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In fact, one hardly heard a footfall throughout this two-act ballet, significantly given how close one sits to the action in Warner’s relatively compact hall, and the fact that fast and frequent jumps are a hallmark of choreography. Communicating a supernatural flight quality is crucial, and the Washington Ballet excelled in this, especially in the second act, as Giselle’s ghost rises from her grave after succumbing to a broken heart and whirling around to save Albrecht from her revenge on the same manner. light-footed and spectral sisterhood.
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The Washington Ballet Orchestra, during the relay of Charles Barker, chief conductor of the American Ballet Theater, offered a sparkling account of Adolphe Adam’s music, emphasizing its lyricism and operational churn. Barker and Ormsby Wilkins, ABT’s music director, orchestrated the score; it is a perfect match for the ballet’s small but deeply talented orchestra.
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The quality of the dance in this production is high, an honor for the attention to technique and details from the romantic era of ballet, which artistic director Julie Kent and associate artistic director Victor Barbee brought to their staging. (They are both former, longtime artists with ABT, hence the conductor connections.) They unveiled this production in 2017, in their inaugural season at the company.
At that time, the respectful care of the directors and dancers was evident. But the drama in “Giselle,” the narrative part, was undertreated. It is still an area for improvement. The tone is so equal through the two acts that the story loses focus here and there. It’s not like excitement and high emotions do not exist in “Giselle”, one of the oldest ballets still performed regularly – they do, but the dancers need help to convey to the audience what is going on, and what’s at stake for this attractive couple of lovers.
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It is telling that despite all the sheer buoyancy in the opening scenes of Act 1 – Giselle’s embarrassing encounter with Albrecht, their well-behaved dances with and with the villagers – the ballet really came to life as Sona Kharatian swept on. On Thursday, she played the character role of Bathilde, the princess with whom Albrecht is engaged – a dangerous little fact that he has kept secret from Giselle. Kharatian, an experienced company member and rehearsal assistant, has always been a dancer with sharp dramatic fire and stage-filled charisma. These qualities electrified her non-dancing role here: Her expressive transition from cheerfully condescending royal to authentically captivated admirer of Giselle anchored the ballet in something real.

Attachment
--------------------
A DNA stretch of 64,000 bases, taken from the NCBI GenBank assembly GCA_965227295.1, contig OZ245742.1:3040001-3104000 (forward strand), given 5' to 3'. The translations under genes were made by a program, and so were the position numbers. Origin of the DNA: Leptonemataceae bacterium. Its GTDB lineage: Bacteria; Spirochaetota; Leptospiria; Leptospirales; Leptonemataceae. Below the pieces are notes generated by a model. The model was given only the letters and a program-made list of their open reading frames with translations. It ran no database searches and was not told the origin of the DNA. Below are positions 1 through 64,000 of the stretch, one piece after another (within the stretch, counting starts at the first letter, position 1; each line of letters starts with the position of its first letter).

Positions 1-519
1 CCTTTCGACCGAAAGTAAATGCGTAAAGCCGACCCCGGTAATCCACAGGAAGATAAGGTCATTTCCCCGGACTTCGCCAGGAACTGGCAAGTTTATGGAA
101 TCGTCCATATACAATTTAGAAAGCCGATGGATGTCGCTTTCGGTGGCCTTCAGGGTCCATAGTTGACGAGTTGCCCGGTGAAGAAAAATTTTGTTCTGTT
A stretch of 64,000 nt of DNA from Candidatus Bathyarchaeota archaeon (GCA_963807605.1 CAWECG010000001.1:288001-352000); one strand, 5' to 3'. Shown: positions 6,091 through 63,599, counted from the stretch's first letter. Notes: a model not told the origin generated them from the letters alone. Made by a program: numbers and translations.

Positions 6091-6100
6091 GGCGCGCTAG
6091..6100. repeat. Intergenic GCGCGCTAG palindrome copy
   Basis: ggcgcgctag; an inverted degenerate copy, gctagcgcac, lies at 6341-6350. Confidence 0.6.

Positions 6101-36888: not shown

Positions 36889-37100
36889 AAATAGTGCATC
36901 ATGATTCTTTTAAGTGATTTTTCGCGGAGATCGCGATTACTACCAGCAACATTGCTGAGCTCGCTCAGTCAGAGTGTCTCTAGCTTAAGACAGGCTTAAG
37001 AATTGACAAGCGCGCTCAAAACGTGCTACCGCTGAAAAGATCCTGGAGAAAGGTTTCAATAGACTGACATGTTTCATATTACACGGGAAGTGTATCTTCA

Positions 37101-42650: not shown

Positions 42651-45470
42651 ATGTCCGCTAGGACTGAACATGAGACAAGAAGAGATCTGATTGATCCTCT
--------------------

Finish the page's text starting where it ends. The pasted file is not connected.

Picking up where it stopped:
It was Kharatian’s moment in this scene – watching her hard heart melt – that threw Giselle into a new light. Kharatian’s Bathilde helps us to see through the class differences that this ballet boldly instructs us to make, to open up and see a person other than oneself with sympathy and affection. How revolutionary. “Giselle” premiered in Paris in 1841, after all, amid growing social unrest.
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Oscar Sanchez, as Hilarion, the rustic villager fighting with Albrecht for Giselle’s love, also added necessary texture to his character. He walked differently from Albrecht and the royals, with more shoulder-length, sideways movements. He collapsed sharply as he knelt affectionately at Giselle’s feet, contrary to Perez’s upright control.
As it is, the dance in this production sounds quite beautiful as abstract patterns and period-typical manners and flourishes of pure technique. But it is, of course, designed to do much more than that. It is intended to depict human vulnerabilities and pierce the heart. The story is timeless, as the resident researcher Natalie Rouland writes in the program booklet, pointing out the ballet’s themes of upper-class corruption and the (horrific) power of organized women, as incorporated into the ghostly act of Wilis in the second act.
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Then there is the moral injustice of “Giselle”. Albrecht’s quarrel has a high price: the girl he has wronged dies, and so does her most loyal suitor. Her mother is left crushed, the village is revolted, the royal court is scandalized. And Albrecht? He is showered with lilies and love beyond the grave, offered a metaphysical forgiveness of the ghost from his dead honey. He is admittedly alone, but spiritually improved, with his future ahead of him.
So many flames are waiting to be lit here. A dance playwright may be able to help this company unleash its dramatic potential, sharpen its narrative impact, and elevate this production just as much higher from where it stands now: an appealing portrait of a bygone era, lovingly preserved.
Washington Ballet “Giselle” will perform through Sunday, with cast shifts, at Warner Theater, 13th and E streets NW. $ 56- $ 124. According to the company, selected seats are available for $ 40 (plus fees) using the SPRING code. washingtonballet.org.